Joint Commission: Meaningful change?
The expanding list of rules governing how one practices medicine both in the hospital and outpatient setting has been recognized as one of the greatest threats to physician well-being in the medical community today.
James C. Denneny III, MD
The expanding list of rules governing how one practices medicine both in the hospital and outpatient setting has been recognized as one of the greatest threats to physician well-being in the medical community today. Whether it’s the EHR, documentation requirements irrelevant to best patient care, operating room attire, sterilization requirements, or “peel-packing” of outpatient office instruments, the frustration and anger is palpable. The cost of compliance in terms of financial resources in addition to physician and staff time is high and sometimes prohibitive at a time when both have exceeded rational limits. When you include the toll that these burdens take on physician resiliency and wellness, it is easy to understand the reaction we are seeing now.
As part of an updated strategy to present our concerns to the Joint Commission (JC), a survey was sent out this spring through ENTConnect and OTO News. We had a robust response of 158 members who contributed to the survey results. We asked six questions, including three that required a detailed response. All practice types were represented with 39.2 percent designated as private practice, 33.5 percent as academic, 18.4 percent as employed by hospital systems, and 8.9 percent representing military practices. When asked “What JC policies negatively affect your practice and wellness,” the respondents’ top answer was “Hospital/OR policies.” (See Table 1.)
In an esteemed and honorable profession, we physicians are charged with the responsibility to not only provide services that are in the best interest of our patients, but also to pursue policies that are good for our society. Accomplishing this lofty goal is neither an easy nor always an obvious pathway to chart. On this journey, we are tasked with assimilating our understanding of medical knowledge thus far accumulated and generalizing it to other similar healthcare scenarios. Sometimes this translates well; other times, such translation is imperfect.We also must realize that our actions do not occur in a vacuum, but exist in a complex interaction within a system and society. While we should pursue everything possible to secure the safety of the patients we take care of, it should be done so to maximize social good within the context of finite resources. What is an appropriate pursuit of a systematic intervention or policy for a given level of risk? When the evidence is shaky, it is too easy to fall back upon the “more is more” approach and apply the strictest guidance. Yet, while an ounce of prevention is worth a pound of cure, is a pound of prevention worth an ounce of cure?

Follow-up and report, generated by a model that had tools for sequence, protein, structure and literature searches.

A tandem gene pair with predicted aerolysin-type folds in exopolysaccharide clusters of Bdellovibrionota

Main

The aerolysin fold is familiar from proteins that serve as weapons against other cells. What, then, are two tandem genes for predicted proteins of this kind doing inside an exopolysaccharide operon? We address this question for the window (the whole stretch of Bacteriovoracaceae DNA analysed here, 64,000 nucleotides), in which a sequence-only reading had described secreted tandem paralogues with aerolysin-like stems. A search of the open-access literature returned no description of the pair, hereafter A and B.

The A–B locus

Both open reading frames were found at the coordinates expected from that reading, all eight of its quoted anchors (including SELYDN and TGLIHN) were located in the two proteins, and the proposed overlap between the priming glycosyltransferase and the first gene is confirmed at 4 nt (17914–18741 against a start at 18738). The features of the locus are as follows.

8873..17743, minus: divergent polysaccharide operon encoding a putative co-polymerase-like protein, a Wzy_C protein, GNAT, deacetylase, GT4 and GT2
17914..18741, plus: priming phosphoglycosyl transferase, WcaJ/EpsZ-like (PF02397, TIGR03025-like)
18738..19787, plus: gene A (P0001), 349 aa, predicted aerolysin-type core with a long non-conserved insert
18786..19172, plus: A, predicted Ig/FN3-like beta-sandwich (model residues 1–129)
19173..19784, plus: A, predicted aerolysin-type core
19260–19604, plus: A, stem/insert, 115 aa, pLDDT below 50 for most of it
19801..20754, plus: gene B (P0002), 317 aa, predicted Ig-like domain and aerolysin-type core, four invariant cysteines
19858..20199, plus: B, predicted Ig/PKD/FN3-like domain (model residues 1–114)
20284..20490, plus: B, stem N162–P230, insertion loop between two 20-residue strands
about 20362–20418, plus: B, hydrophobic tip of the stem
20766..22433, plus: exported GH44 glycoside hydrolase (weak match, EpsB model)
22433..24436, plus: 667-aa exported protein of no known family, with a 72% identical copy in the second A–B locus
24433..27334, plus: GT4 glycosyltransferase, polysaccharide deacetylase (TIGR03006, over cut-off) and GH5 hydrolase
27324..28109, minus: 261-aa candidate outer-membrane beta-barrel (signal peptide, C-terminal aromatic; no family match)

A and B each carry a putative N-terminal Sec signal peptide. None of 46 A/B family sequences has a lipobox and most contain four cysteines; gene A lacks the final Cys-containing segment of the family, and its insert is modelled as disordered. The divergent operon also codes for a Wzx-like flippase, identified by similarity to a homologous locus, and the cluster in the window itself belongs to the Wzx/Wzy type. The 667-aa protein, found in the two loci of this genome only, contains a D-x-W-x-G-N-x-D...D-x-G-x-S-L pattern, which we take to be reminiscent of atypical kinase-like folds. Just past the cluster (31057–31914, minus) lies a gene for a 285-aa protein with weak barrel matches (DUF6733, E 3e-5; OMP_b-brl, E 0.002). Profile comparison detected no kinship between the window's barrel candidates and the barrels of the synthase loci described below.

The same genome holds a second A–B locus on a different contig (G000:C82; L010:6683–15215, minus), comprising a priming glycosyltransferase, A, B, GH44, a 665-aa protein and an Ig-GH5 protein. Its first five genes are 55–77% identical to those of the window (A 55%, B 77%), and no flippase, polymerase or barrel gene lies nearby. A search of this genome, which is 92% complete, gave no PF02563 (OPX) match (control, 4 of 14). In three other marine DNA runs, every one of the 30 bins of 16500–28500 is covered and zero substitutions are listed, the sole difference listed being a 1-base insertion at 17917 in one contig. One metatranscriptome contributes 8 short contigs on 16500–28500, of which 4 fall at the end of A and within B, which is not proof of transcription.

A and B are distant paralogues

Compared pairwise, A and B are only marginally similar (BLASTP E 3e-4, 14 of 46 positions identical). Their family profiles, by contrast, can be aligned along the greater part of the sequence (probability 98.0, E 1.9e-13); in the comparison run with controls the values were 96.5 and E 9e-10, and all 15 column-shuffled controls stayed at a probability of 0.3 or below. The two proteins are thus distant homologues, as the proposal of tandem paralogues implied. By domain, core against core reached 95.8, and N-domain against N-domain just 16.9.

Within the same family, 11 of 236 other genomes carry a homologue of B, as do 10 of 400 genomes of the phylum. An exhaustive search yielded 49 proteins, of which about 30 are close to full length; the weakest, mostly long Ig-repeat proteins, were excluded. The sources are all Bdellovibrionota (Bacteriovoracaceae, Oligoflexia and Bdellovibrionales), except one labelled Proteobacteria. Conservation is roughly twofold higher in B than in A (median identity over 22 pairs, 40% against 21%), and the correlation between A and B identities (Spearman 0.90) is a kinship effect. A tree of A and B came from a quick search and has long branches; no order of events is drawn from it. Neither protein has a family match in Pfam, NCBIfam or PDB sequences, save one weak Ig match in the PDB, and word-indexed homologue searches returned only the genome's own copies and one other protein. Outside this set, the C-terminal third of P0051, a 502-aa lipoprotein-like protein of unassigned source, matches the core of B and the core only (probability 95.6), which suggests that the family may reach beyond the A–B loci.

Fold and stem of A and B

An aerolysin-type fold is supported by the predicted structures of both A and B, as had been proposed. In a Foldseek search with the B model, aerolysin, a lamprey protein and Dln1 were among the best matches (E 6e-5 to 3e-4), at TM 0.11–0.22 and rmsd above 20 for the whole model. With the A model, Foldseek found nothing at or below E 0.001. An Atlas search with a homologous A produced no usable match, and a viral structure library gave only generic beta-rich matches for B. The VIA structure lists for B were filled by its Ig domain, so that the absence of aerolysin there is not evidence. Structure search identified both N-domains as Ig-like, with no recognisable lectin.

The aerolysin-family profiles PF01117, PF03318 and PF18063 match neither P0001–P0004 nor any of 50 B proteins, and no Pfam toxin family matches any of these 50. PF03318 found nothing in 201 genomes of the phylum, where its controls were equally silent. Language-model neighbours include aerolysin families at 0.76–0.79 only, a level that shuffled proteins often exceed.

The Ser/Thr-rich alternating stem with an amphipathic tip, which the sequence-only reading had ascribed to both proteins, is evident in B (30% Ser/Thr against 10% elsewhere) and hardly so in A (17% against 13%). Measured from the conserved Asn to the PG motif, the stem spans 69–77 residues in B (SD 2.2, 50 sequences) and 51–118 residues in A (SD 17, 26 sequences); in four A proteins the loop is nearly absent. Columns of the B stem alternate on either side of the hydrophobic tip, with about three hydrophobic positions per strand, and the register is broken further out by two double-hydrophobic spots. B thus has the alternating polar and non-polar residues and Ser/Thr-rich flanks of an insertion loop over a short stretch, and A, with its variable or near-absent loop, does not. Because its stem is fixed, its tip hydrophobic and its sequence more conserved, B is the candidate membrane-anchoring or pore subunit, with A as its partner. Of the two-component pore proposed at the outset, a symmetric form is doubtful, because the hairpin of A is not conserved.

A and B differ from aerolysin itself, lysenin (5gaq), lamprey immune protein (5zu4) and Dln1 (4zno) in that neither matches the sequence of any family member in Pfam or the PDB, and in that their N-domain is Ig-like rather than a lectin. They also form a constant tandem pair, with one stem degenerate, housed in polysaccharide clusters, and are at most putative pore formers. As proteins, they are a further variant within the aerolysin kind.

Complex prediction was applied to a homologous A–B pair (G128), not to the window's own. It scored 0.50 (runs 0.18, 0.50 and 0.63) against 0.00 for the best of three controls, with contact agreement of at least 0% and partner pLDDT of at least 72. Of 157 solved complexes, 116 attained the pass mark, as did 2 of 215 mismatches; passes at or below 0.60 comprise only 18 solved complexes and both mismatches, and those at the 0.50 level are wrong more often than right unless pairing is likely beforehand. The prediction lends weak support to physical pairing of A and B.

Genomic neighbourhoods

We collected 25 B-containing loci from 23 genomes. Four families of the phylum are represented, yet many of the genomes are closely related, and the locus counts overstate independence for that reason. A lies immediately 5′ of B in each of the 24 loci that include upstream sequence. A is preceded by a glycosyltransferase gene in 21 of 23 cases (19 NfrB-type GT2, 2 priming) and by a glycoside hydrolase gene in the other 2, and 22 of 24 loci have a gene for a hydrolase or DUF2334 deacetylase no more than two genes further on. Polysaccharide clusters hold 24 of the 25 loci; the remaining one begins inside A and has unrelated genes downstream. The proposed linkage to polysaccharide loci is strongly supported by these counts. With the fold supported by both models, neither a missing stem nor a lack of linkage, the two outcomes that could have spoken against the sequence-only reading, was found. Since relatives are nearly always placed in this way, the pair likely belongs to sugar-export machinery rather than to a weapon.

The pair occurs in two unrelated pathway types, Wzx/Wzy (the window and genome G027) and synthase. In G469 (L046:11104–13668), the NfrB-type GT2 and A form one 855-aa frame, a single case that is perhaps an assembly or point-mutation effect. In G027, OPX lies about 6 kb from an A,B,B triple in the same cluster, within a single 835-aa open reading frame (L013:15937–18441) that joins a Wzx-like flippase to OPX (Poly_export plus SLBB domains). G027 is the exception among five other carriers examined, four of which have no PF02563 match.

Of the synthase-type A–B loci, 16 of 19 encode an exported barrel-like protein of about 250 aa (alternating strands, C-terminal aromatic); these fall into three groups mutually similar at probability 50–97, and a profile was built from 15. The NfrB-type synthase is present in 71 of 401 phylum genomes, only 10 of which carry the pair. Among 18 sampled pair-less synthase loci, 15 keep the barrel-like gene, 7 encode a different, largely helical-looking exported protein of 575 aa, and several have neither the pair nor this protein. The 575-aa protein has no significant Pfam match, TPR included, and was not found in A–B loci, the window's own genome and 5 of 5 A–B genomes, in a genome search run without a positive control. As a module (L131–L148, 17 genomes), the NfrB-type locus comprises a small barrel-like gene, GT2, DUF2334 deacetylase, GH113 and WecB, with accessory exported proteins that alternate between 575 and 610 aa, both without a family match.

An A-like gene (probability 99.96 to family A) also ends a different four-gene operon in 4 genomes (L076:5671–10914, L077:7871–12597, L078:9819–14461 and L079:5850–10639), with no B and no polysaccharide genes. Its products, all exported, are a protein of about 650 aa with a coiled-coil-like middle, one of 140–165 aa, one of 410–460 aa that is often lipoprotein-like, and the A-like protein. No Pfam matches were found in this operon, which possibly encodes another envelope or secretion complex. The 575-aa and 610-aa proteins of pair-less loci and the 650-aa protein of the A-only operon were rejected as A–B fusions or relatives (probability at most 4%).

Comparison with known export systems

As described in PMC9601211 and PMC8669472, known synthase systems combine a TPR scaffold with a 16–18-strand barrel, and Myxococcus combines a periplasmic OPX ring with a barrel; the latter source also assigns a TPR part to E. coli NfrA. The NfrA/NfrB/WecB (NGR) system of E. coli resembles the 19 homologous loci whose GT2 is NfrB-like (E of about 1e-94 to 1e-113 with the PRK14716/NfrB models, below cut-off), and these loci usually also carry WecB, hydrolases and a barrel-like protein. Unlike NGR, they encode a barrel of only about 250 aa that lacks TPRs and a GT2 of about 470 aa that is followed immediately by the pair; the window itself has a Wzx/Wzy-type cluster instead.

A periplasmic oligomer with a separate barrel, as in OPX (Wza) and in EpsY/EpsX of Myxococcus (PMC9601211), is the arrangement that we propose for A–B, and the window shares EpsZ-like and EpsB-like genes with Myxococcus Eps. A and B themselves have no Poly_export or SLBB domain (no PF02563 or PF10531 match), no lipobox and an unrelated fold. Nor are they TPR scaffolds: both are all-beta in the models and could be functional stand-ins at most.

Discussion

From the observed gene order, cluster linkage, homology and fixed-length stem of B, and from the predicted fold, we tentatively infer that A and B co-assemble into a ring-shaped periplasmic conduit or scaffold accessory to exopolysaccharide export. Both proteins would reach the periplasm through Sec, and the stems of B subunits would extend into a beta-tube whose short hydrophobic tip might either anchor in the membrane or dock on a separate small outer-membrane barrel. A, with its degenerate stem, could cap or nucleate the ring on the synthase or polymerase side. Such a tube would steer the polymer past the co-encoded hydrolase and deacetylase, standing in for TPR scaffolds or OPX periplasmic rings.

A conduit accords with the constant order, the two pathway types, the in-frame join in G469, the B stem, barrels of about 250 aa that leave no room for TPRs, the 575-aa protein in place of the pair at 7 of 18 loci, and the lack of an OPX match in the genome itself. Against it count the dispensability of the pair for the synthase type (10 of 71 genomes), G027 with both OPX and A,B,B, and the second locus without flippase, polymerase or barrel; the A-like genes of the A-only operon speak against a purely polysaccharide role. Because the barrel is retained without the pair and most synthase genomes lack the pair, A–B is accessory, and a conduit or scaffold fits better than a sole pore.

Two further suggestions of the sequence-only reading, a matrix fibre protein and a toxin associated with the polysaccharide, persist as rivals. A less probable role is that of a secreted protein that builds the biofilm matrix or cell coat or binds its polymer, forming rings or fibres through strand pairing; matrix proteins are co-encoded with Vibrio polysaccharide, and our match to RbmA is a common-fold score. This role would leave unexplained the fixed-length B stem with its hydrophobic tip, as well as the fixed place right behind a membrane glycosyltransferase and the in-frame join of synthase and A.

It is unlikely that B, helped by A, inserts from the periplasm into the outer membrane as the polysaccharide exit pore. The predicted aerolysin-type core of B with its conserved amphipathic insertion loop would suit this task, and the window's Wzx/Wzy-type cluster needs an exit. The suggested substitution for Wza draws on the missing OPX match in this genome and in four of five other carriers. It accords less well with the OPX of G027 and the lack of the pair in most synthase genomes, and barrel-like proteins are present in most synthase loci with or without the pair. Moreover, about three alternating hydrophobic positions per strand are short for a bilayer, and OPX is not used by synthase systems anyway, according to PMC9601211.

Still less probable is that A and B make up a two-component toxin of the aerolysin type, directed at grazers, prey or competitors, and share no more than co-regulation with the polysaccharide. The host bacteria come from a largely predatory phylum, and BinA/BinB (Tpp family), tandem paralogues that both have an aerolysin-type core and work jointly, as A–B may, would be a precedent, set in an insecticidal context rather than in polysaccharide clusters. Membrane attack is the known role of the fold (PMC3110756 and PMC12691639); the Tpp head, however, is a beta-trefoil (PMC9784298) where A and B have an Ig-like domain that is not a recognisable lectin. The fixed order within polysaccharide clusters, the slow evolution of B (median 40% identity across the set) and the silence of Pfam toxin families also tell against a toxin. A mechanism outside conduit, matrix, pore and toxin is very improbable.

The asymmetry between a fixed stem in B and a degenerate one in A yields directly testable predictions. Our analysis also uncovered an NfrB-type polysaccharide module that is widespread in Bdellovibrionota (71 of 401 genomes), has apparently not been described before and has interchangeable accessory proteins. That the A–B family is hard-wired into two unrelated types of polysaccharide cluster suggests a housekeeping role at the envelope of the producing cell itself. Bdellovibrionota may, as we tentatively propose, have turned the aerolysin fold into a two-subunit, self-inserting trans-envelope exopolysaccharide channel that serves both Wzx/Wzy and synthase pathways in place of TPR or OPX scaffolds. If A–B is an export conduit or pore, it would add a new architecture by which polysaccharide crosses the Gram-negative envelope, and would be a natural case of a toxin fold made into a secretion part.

As a body, the Academy is an advocate for both physicians and patients. If armed with reasoned dialogue and documented evidence, we can better partner with regulatory agencies and equipment manufacturers to advocate for responsible recommendations. Otherwise, if guided too much by emotion, our professional agenda may appear to be in conflict with our simultaneous role for patient advocacy.
— C.W. David Chang, MD
AAO-HNSF Co-Chair, PSQI Committee
The most common negative effect of JC policies was staff and physician frustration. (See Table 2.) When asked to list the most onerous policies as they affect the respondent’s practice, peel-packing office instruments was the Number One concern. (See Table 3.) It was difficult to accurately estimate monetary costs for the different practice settings, but the majority of respondents agreed it was over $10,000 per physician per year.
Some of the more notable quotations from respondents included:
- “People wonder what happened to the ‘old time physicians’ … I think that a lot of empathy, generosity, and kindness has gotten beaten out of them … glad you asked.”
- “The fact that I need to spend time on this survey is symbolic of how there are so many restrictions that serve no evidence-based positive patient care purpose, yet are inconvenient and wasteful of my time and money.”
- “I could not begin to convince the JAHCO surveyor that this was a solution to a non-existent problem.”
- “I cannot estimate the cost. One avoidable death is too many.”
There is a great need to pursue policy that is meaningful in terms of results through evidence-based data as well as that allows an efficient, cost-effective practice of medicine. We are working to establish foundations that allow both goals to be met.